Genes, Fungal

Publication Title: 
Biogerontology

P. anserina mutants with impairments in complex IV (COX) of the respiratory chain are characterized by an increase in lifespan. Examples are the nuclear grisea mutant with a moderate lifespan extension (60%) and the immortal extranuclear ex1 mutant. Here we report data demonstrating that in mutant ex1 the level of the alternative oxidase (PaAOX) is significantly higher than in mutant grisea. PaAOX levels appear to be reversely dependent on COX activity.

Author(s): 
Borghouts, Corina
Scheckhuber, Christian Q.
Werner, Alexandra
Osiewacz, Heinz D.
Publication Title: 
Science (New York, N.Y.)
Author(s): 
Strauss, Evelyn
Publication Title: 
Mechanisms of Ageing and Development

Studies of the yeast Saccharomyces cerevisiae reveal four processes determining life span: metabolism, stress resistance, chromatin-dependent gene regulation, and genome stability. The retrograde response, which signals mitochondrial dysfunction resulting in changes in nuclear gene expression, extends yeast life span and is induced during normal aging. This response involves extensive metabolic adaptations. The retrograde response links metabolism and genome stability during yeast aging. A reduction in the availability of nutrients also extends yeast life span.

Author(s): 
Jazwinski, S. Michal
Publication Title: 
Science (New York, N.Y.)

The ribonucleoprotein enzyme telomerase synthesizes telomeric DNA by copying an internal RNA template sequence. The telomerase activities of the yeasts Saccharomyces castellii and Saccharomyces cerevisiae--with regular and irregular telomeric sequences, respectively--have now been identified and characterized. The S. cerevisiae activity required the telomerase RNA gene TLC1 but not the EST1 gene, both of which are required for normal telomere maintenance in vivo. This activity exhibited low processivity and produced no regularly repeated products.

Author(s): 
Cohn, M.
Blackburn, E. H.
Publication Title: 
Proceedings of the National Academy of Sciences of the United States of America

Chromosome ends in the lower eukaryotes terminate in variable numbers of tandem, simple DNA repeats. We tested predictions of a model in which these telomeric repeats provide a substrate for the addition of more repeats by a terminal transferase-like mechanism that, in concert with DNA polymerase and primase, effectively counterbalances the loss of DNA due to degradation or incomplete replication.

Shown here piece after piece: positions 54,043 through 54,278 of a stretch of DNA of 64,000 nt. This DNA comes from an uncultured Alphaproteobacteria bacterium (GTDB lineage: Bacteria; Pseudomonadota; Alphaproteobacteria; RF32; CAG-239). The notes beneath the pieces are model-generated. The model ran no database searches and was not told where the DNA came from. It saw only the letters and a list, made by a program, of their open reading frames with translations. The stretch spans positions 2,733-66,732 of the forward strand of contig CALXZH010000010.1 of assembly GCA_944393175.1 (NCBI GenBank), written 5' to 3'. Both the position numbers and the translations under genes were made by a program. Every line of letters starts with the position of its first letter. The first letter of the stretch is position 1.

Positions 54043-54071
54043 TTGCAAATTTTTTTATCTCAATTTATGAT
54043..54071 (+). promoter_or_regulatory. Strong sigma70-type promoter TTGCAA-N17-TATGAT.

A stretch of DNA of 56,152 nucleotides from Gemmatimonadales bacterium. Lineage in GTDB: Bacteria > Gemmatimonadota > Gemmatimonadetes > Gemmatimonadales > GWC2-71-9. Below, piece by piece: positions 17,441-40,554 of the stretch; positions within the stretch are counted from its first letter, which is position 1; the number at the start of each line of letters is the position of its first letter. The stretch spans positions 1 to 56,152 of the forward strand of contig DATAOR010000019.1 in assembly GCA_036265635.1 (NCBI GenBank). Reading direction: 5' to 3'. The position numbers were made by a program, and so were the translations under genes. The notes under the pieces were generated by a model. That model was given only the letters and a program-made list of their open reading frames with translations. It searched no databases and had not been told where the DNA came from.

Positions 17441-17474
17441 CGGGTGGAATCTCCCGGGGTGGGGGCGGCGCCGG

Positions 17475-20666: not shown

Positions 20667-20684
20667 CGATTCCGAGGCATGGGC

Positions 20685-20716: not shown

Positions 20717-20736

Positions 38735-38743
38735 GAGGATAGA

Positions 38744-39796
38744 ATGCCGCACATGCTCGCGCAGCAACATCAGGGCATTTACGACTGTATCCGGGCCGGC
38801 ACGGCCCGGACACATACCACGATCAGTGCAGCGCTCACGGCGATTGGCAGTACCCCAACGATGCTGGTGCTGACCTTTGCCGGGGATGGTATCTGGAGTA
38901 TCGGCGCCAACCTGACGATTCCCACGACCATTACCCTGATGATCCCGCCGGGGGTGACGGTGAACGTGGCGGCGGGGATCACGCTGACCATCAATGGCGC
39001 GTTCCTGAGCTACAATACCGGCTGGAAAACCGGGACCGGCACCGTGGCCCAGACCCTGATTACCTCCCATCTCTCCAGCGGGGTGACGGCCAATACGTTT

Author(s): 
Shampay, J.
Blackburn, E. H.
Publication Title: 
Science (New York, N.Y.)

The ribonucleoprotein enzyme telomerase synthesizes telomeric DNA by copying an internal RNA template sequence. The telomerase activities of the yeasts Saccharomyces castellii and Saccharomyces cerevisiae--with regular and irregular telomeric sequences, respectively--have now been identified and characterized. The S. cerevisiae activity required the telomerase RNA gene TLC1 but not the EST1 gene, both of which are required for normal telomere maintenance in vivo. This activity exhibited low processivity and produced no regularly repeated products.

Author(s): 
Cohn, M.
Blackburn, E. H.
Publication Title: 
Nature

The ribonucleoprotein enzyme telomerase adds telomeric DNA onto chromosome ends and is normally regulated so that telomeric DNA lengths are kept within defined bounds. In the telomerase RNA gene from the yeast Kluyveromyces lactis, specific mutations that alter telomeric DNA sequences result in telomeres elongating to up to 100 times their normal length and impair cell growth. Some mutations cause immediate elongation whereas others behave like genetic time bombs, causing elongation only after a latent period of hundreds of generations.

Author(s): 
McEachern, M. J.
Blackburn, E. H.
Publication Title: 
Proceedings of the National Academy of Sciences of the United States of America

Chromosome ends in the lower eukaryotes terminate in variable numbers of tandem, simple DNA repeats. We tested predictions of a model in which these telomeric repeats provide a substrate for the addition of more repeats by a terminal transferase-like mechanism that, in concert with DNA polymerase and primase, effectively counterbalances the loss of DNA due to degradation or incomplete replication.

Author(s): 
Shampay, J.
Blackburn, E. H.
Publication Title: 
Science (New York, N.Y.)

The telomerase ribonucleoprotein has a phylogenetically divergent RNA subunit, which contains a short template for telomeric DNA synthesis. To understand how telomerase RNA participates in mechanistic aspects of telomere synthesis, we studied a conserved secondary structure adjacent to the template. Disruption of this structure caused DNA synthesis to proceed beyond the normal template boundary, resulting in altered telomere sequences, telomere shortening, and cellular growth defects. Compensatory mutations restored normal telomerase function.

Author(s): 
Tzfati, Y.
Fulton, T. B.
Roy, J.
Blackburn, E. H.
Publication Title: 
Genes & Development

Deletion of the telomerase RNA gene (TER1) in the yeast Kluyveromyces lactis results in gradual loss of telomeric repeats and progressively declining cell growth capability (growth senescence). We show that this initial growth senescence is characterized by abnormally large, defectively dividing cells and is delayed when cells initially contain elongated telomeres. However, cells that survive the initial catastrophic senescence emerge relatively frequently, and their subsequent growth without telomerase is surprisingly efficient.

Author(s): 
McEachern, M. J.
Blackburn, E. H.

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